Preserve the cast offs of your tomato harvest by learning how to make tomato powder. A basic tomato powder uses the normally discarded skins to make this kitchen additive. Tomato powder can be used in soup, stew, tacos, chili, and more.
When you can tomatoes or make tomato sauce you blanch the whole tomatoes in boiling water for a few minutes, and then plunge them into cold water and slip the skins. It’s an easy job and there is a certain pleasure in slipping off the skins and plopping the ripe, red tomatoes into a stock pot to cook down. I use them for sauce, or place them directly into wide mouth jars to pressure can for winter meals. While you could feed the skins to the chickens, why not try something different. You can dry the skins for winter and make tomato powder.
Tomato powder is a versatile condiment. It can be used to thicken soup or sauces. It can be added to pasta to make the noodles pink and give them some extra flavor. It can be added to watery tomato sauce to thicken it up. It can even be used as a base for homemade ketchup. Think of it as dried tomato paste — just add water.
The skins from 50 pounds of tomatoes will give you about one cup of dried and ground tomato powder. Not bad for some thing that most folks just toss to the chickens or put in the compost. While that doesn’t seem like a huge amount, you don’t use much to get a richer, thicker marinara sauce.
How to make tomato powder from tomato skins
1. Make sure the skins are free of mould, dirt, or blemishes before you blanch the tomatoes.
2. Cut off any mould or blemishes before blanching.
3. Blanch your tomatoes until the skins slip, about 2 minutes.
4. Remove the tomatoes from the simmering pot and plunge into cold water.
5. When tomatoes are cool enough to handle, use your fingers to slip the skins and use the tomatoes in your intended canning project while reserving the skins for this recipe.
6. Once your canning is done, gather all the wasted skins and layer in a thin layer on your dehydrator trays. Dry overnight or until very brittle and crisp. No moisture should be noticeable in the skins when they are dry. Since this will only use a few trays in your dehydrator use the extra space to dry some of the romas for “sundried tomatoes” or add some Fall fruit to fill the dehydrator.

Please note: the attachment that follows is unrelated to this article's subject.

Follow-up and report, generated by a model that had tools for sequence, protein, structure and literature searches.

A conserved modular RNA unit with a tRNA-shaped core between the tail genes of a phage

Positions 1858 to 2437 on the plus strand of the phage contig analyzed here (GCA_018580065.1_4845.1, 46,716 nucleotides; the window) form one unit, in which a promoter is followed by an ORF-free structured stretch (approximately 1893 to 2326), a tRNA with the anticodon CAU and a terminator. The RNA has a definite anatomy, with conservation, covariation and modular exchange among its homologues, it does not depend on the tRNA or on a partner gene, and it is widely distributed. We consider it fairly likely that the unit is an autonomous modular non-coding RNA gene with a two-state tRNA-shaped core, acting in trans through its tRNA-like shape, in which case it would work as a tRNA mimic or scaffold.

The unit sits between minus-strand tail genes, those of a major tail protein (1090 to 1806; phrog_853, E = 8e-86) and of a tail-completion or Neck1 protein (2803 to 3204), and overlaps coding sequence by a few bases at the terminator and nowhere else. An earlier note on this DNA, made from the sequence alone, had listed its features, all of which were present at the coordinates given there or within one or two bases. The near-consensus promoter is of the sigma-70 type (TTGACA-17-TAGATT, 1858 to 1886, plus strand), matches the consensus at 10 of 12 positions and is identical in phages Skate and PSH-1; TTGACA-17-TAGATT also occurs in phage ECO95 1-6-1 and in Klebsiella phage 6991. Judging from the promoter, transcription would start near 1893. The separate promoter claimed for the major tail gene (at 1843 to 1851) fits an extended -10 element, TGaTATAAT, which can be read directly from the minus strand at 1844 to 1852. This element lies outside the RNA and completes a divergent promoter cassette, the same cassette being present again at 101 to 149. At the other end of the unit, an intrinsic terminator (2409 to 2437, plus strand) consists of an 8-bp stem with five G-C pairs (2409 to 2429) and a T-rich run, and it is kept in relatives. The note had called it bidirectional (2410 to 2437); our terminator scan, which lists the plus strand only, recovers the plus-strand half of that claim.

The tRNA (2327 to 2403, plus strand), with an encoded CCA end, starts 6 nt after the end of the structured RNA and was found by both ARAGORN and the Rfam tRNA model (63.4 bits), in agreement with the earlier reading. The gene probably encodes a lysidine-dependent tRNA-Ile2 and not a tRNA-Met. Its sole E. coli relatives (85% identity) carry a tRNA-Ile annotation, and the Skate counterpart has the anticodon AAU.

If you want spicy tomato powder, dry tomato skins at the same time as jalapenos peppers or other spicy peppers. The skins will absorb some of the spice and you’ll have pre-spiced tomato powder for tacos and chili.
7. Once the tomato skins are thoroughly dry, remove the skins from the dehydrator and process into powder using an electric spice grinder, coffee grinder, or food processor.
My yield was 1 cup of tomato powder per 50lbs of roma tomatoes, plus, of course, the 24 quarts of roma tomatoes that I pressure canned.
How to use powdered tomatoes
Use powdered tomatoes in egg dishes, in pizza dough, noodles or tortillas. Add it to soup or stocks for colour and intense tomato flavour. Sprinkle it on scrambled eggs or mix with a few drops of water for tomato paste substitute.
What kitchen equipment do you recommend? I’m glad you asked…
I used a Delfino Intelligent Coffee Grinder originally to make this tomato powder. However, I don’t recommend them for grinding herbs and spices. The engine is not made for the constant use needed to grind down even a small quantity of herbs or spices. I originally liked it because the stainless steel basket is removeable and easy to clean. But the engine is finicky and burns out with very little use. Then the appliance must be trashed because there is no reset button. It is a poorly engineered design. I’ve burned out two of them. One of them stopped working after only a month of light use.
Instead use your food processor or the food mill attachment to your Kitchen Aid Stick Blender.
I hope you find this tutorial helpful and you’ll be inspired to find another use for those tomato skins besides composting them.
What do you use powdered tomatoes for?